The following summary of a First Appellate District Court ruling is not about criminal defense, but about prisoner rights, which is often an area of questions our clients have.
The COVID-19 outbreak hit the California state prisons hard for many reasons, including lack of social distancing, poor air circulation and pre-existing medical conditions among prisoners, especially older prisoners.
Ivan Von Staich, now age 64, was convicted in 1986 for second-degree murder with use of a firearm and attempted murder. He is currently a prisoner at San Quentin State Prison. He is serving a sentence of 17 years-to-life for the murder consecutive to a 13-year sentence for the attempted murder.
In May of 2020, he filed, in pro-per, a petition for writ of habeas corpus, arguing that he was being illegally held in custody because the CDCR was not adequately prepared to respond to an outbreak of COVID-19 at San Quentin, which violates the prohibition against cruel and unusual punishment embodied in article I, section 17 of the California Constitution and the Eighth Amendment of the United States Constitution.
Specifically, he alleged that the CDCR acted with reckless indifference to the risk of substantial harm to inmates by failing to immediately reduce the population of San Quentin by releasing or transferring at least 50 percent of the population of the prison in accordance with the recommendation of public health experts who had been asked to advise the CDCR on measures to combat COVID-19 necessary to “protect the health of prisoners, the health of correctional facility staff, the health of health care staff and the health of the community as a whole.” On the same basis, Von Staich sough declaratory relief for other similarly situated prisoners.
Shortly thereafter, Von Staich’s petition was validated because San Quentin suffered a devastating outbreak of COVID-19, infecting 75% of the prisoners and many of the staff.
Von Staich suffers respiratory problems due to bullet fragments lodged in his left lung. Both he and his 65-year-old cellmate both tested positive for COVID-19. They were housed in a cell so small one can touch both walls at the same time by outstretching one’s arms, which Von Staich said makes it impossible to “socially and physically distance” oneself from others to prevent being infected with the virus.
The petition was filed in the First Appellate District Court in San Francisco, which ordered the Warden of San Quentin Prison to show cause why relief should not be granted to transfer petitioner to a suitable quarantine location.
After reviewing the Warden’s response, the First Appellate District agreed with Von Staich that the CDCR acted with deliberate indifference and relief is warranted.
In coming to this ruling, the First Appellate District explained that the risks of COVID-19 had been known, or should have been known, at least no later than March 4, 2020 when Governor Newsom declared a state of emergency for California and a week later, the World Health Organization declared COVID-19 a pandemic, noting “the alarming levels of spread and severity.”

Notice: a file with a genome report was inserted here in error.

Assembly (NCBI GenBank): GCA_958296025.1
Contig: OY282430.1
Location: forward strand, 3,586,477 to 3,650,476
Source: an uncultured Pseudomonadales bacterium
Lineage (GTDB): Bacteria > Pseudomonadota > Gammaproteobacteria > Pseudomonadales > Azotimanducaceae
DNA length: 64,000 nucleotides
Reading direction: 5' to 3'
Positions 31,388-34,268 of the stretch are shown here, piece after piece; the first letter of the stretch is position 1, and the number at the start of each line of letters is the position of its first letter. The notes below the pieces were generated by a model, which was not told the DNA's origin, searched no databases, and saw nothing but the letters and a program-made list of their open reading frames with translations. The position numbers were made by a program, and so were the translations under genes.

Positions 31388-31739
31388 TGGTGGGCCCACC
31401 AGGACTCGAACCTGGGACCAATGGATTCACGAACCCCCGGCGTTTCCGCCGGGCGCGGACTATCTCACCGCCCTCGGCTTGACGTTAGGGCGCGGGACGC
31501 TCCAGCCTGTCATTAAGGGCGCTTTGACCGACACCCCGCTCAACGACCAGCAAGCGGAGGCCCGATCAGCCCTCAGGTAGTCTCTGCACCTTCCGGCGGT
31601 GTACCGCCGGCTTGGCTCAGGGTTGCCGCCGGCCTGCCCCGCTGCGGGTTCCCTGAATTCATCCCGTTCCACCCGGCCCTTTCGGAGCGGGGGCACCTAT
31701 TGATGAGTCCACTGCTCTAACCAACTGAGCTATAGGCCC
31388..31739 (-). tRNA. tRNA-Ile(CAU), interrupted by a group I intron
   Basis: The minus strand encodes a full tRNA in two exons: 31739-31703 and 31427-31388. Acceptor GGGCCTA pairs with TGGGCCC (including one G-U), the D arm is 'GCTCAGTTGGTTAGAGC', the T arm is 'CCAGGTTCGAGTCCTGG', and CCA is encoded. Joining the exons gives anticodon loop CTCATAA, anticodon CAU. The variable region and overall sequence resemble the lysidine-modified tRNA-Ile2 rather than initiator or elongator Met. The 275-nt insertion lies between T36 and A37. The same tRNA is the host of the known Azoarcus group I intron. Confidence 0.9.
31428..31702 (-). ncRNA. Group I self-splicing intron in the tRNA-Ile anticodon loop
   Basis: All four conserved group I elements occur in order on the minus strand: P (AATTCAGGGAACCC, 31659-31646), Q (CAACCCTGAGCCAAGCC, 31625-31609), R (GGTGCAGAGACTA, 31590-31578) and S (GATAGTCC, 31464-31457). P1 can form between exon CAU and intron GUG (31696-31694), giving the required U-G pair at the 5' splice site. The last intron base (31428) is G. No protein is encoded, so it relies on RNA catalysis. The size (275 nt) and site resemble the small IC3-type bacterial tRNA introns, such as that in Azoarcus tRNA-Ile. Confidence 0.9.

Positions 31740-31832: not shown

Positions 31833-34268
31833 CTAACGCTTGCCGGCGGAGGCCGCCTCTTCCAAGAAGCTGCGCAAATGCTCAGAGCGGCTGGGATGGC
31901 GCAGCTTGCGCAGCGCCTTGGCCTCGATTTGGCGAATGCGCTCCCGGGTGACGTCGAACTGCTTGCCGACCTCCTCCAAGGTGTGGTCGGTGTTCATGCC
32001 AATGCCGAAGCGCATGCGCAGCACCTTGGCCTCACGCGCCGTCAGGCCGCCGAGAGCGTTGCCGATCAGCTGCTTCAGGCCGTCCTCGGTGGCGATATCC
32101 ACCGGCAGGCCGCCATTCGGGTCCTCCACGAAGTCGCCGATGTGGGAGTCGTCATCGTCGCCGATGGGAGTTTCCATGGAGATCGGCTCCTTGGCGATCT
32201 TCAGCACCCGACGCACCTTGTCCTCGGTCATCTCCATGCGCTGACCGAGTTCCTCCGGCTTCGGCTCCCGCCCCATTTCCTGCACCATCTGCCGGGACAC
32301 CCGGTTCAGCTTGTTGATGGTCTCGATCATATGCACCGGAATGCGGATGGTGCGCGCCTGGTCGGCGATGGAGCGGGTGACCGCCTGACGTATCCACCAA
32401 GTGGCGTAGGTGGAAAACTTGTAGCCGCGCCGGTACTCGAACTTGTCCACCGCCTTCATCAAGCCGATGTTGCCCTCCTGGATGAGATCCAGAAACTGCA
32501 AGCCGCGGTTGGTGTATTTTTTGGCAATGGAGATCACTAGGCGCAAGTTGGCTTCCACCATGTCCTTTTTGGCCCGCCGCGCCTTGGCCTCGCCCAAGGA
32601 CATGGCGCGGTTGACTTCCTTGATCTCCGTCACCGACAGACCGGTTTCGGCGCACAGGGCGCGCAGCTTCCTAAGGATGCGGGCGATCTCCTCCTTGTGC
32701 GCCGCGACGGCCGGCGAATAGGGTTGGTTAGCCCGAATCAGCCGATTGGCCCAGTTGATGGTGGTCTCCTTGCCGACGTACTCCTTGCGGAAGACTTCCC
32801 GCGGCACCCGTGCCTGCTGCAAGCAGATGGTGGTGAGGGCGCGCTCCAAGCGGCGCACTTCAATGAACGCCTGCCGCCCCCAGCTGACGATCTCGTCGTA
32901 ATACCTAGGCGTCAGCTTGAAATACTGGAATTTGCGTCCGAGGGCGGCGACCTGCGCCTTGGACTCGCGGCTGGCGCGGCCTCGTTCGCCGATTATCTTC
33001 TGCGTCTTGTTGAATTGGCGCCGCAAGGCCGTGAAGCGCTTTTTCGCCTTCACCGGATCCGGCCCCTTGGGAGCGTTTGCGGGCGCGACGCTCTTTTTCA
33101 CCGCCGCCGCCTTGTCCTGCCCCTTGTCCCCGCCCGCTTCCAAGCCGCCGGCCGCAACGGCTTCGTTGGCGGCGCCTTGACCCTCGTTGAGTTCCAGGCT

Prisons and jails have long been associated with inordinately high transmission probabilities for infectious diseases. Indeed, early in 2020, physicians and public health officials sounded the alarm that prisons and jails could become the “epicenter of the pandemic.” Prisons and jails often operate well beyond their capacities, and California’s 35 adult prisons were no exception. Windows are often welded shut for security and ventilation is often quite limited for security.
Recognizing this risk, the CDCR did suspend the intake of prisoners from county jails and juvenile halls to adult prisons and did institute programs to expedite the release of certain classes of prisoners.
Despite these efforts, however, there have been more than 2,200 confirmed cases of COVID-19 among San Quentin inmates and 28 deaths as of October 16, 2020.
The catalyst for the outbreak of COVID-19 infections and deaths was the transfer by CDCR of 121 inmates from the California Institute for Men (CIM) in Chino to San Quentin, which was part of an effort to control the spread of the virus at CIM. The CIM inmates transferred to San Quentin had not been tested for up to a month before the transfer. Some of the transferred inmates immediately became ill after entering San Quentin and several tested positive shortly after arrival. For days, the transferred inmates used the same showers and ate in the same dining hall as the other San Quentin inmates, which numbered about 3,500.
After the outbreak of COVID-19 at San Quentin, with over 1,400 inmates infected, the prison sought guidance what to do and an “Urgent Memo” was created that outlined steps to take. However, implementing the Urgent Memo’s recommendation was slow and haphazard, the prison acknowledged, but explained that it was due to safety issues, leading the First Appellate District to find that the CDCR treated inmates’ medical needs with deliberate indifference.
The First Appellate District then ordered that Von Staich be “immediately” removed from San Quentin to another CDCR facility that can provide the necessary physical distancing and other measures to protect against COVID-19. The CDCR was also ordered to release on parole or transfer to another correctional facility enough prisoners to reduce the prison population to 1,775 inmates. The First District specified for special attention those inmates over age 60 and those who have served over 25 years of their sentence and are eligible for parole, including even life prisoners and second and third strikers, even if such prisoners are serving time for a violent offense.
For more information about health issues in jail or prison, please click on the following articles: